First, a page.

’80 for Brady’ Review: Female Friendship Comedy Bolsters Shiny NFL Propaganda Piece

The quartet of stars deliver as a pack of real-life football-obsessed friends — and even Tom Brady comes off with some star quality

80 for Brady
Paramount Pictures

There’s little logic when it comes to fandom. Some of it stems from personal taste or geographic proximity or sentimental nostalgia — or some combination of the three — and some of it is truly the stuff of magic. All of which is to say that the premise of “80 For Brady,” a new star-dense comedy that imagines four octogenarians (okay, three octogenarians and a septuagenarian) as diehard Tom Brady fans doesn’t exactly strain plausibility. The heart wants what the heart wants, even if it’s for the Patriots to go all the way.

The titular “80 For Brady” are based on a real set of Boston-based octogenarians, brought to life in the film by Lily Tomlin, Jane Fonda, Rita Moreno and Sally Field. Their story caught the eyes of screenwriters Sarah Haskins and Emily Halpern (“Booksmart”), who recognized the inherent comedy and affection to such a relationship between women. “80 For Brady” is also the directorial debut of “The Climb” writer Kyle Marvin, who has imbued his film with a bananas sense of whimsy and love.

It’s not that these women love Tom Brady because he’s an amiable, winning sports hunk, but because his success is tied to their own compassion for each other. They first watched Brady play for the Patriots in 2001, when he was a mere draft pick, and when Tomlin’s Lou was recovering from a harsh round of chemo. Sixteen years later — yes, “80 For Brady” is a 2017 period piece — they’re still watching. But now, they wanna do more than see it all play out on TV.

Let’s be clear: “80 For Brady” is insane: Not because female sports fandom is insane nor Patriots fandom (well…), but because there’s so rarely been a film that exists in total plausible deniability of its subject matter. This is a movie that has never heard of CTE, of Colin Kaepernick, of Deflategate, or the 2016 election for that matter. This is a 90-something minute Super Bowl commercial, a warm-blooded advertisement of what football — and by extension the NFL — could be, if it wasn’t for all the things that it actually is.

To that end, “80 For Brady” could not, for the life of itself, predict how the last six months would go for Brady, the golden god of the film, who has come out of retirement, gone through a rough divorce and possibly lost much of his sports fortune to poor cryptocurrency investments.

But the women at the helm of “80 For Brady” are true fans; they don’t care about any of that administrative drama, the political mumbo-jumbo. If they even know about any of Brady’s troubles, that goes unsaid. Their journey to the Super Bowl is much less about the game (though it’s always about the game) and more about a commemoration of their friendship, a coming-of-age film for those who have long been of age.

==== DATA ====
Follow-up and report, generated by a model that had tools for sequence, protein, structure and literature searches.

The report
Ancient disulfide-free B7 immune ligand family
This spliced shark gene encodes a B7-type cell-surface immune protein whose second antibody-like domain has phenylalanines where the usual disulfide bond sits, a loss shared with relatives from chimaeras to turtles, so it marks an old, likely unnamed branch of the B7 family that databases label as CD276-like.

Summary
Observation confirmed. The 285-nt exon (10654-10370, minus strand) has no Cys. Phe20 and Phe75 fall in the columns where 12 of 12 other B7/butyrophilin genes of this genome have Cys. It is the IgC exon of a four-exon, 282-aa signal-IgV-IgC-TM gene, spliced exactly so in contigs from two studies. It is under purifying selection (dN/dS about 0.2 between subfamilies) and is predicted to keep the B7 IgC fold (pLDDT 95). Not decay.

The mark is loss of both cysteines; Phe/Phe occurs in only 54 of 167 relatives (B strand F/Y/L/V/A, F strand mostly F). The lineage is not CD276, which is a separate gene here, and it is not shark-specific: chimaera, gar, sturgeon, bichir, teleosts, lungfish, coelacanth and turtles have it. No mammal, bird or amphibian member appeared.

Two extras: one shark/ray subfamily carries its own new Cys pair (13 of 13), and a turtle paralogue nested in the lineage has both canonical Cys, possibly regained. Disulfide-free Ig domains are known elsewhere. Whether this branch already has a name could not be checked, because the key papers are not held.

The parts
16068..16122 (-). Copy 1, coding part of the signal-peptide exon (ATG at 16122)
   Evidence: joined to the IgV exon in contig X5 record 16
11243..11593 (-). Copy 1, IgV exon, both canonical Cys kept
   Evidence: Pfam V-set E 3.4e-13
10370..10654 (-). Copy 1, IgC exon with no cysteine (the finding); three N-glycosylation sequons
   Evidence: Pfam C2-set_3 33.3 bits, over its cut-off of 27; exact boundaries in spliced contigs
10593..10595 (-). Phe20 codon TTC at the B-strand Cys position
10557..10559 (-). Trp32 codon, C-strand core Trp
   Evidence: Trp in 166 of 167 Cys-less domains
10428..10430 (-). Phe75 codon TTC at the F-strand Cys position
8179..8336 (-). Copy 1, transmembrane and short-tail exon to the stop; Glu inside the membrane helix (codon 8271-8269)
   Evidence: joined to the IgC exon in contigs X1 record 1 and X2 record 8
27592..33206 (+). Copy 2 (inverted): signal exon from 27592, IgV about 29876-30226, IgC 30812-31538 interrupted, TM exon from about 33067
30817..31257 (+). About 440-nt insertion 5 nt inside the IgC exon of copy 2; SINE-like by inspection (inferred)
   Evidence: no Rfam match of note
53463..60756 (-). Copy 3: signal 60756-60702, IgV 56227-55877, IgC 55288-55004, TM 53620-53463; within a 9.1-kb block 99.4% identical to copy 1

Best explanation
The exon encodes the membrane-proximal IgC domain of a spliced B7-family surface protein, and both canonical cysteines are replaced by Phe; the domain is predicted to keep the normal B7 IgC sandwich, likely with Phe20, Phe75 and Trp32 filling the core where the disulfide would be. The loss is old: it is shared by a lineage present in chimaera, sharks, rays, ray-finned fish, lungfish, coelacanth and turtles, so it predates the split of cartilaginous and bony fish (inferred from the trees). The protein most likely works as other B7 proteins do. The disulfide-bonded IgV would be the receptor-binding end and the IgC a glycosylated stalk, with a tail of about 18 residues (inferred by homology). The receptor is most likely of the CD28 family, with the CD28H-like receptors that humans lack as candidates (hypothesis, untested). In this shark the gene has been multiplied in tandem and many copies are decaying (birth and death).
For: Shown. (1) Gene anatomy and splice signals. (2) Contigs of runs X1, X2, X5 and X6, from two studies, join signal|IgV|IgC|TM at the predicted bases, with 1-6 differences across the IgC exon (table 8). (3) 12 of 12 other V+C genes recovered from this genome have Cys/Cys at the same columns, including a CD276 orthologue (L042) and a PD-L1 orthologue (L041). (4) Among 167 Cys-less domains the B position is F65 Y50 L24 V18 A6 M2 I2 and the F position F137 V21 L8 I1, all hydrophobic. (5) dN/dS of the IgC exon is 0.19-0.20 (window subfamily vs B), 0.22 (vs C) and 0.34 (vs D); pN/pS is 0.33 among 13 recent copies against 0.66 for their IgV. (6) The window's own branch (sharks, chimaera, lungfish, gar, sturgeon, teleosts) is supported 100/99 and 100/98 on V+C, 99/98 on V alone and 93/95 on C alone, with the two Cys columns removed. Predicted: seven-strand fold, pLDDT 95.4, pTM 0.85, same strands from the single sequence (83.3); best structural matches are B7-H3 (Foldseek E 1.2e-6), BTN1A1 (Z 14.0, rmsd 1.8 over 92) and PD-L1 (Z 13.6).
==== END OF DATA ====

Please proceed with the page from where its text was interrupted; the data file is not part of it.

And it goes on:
The Super Bowl trip stands to give these women a chance to get out of their comfort zones: for Lou to embrace spontaneity, for Fonda’s Trish to take another swing at love, for Moreno’s Maura to, um, get over the loss of her husband by being really good at gambling (don’t think too hard about it), and for Field’s Betty to find her independence away from her husband (a bumbling and sweet Bob Balaban). Through a series of adventures both surprising (a hot-wings eating concert) and observed (must every movie with over-65s now feature a “trippy” drug sequence?), the friends’ love and admiration for each other only blossoms.

There’s little conflict to the film, just a series of Super Bowl–adjacent episodes that build up to the final, historic game against the Atlanta Falcons. Guy Fieri is in there, as well as Billy Porter. Anyone who’s anyone is there to help our charming gals get what they want! What they want is not only to be at the game with each other, but also to have a direct line to the players.

Isn’t this every fan’s dreams: to be able to call the shots themselves? That’s why we stand up, yelling at the TV, playing ump and referee off the clock. One can’t help but wonder what it would be like if professional sports — and the NFL, in particular — were not so burdened with bureaucracy and money. If these institutions cared for their players beyond paychecks and brand sponsorships, but for the often inspiring and surprising athletes that they are.

To that end, a final question must be asked: Is Tom Brady any good in the film that bears his name? Brady is an odd public figure, once heroic and now often tragicomic. In light of his recent troubles, it is often baffling to see him play the hero. Through archival footage and minimal dialogue, however, it’s easy to see his draw once again, what he was able to promise so many fans with a bright smile and an impeccably square head. His sense of unreality fits the tone of the film perfectly.

“80 For Brady” is undeniably a shiny piece of NFL propaganda, a film so in love with its own money-making apparatus that it’s hard not to find it at least somewhat evil. But the performances land and are often endearing, with all four women in particularly strong form. “80 For Brady” knows that the fun is not the wins or parties, the glamor or rings, but the friendships and traditions that bedazzle even the most regular jersey, a piece of priceless memorabilia in its own special way.

“80 for Brady” opens Feb. 3 in U.S. theaters via Paramount Pictures.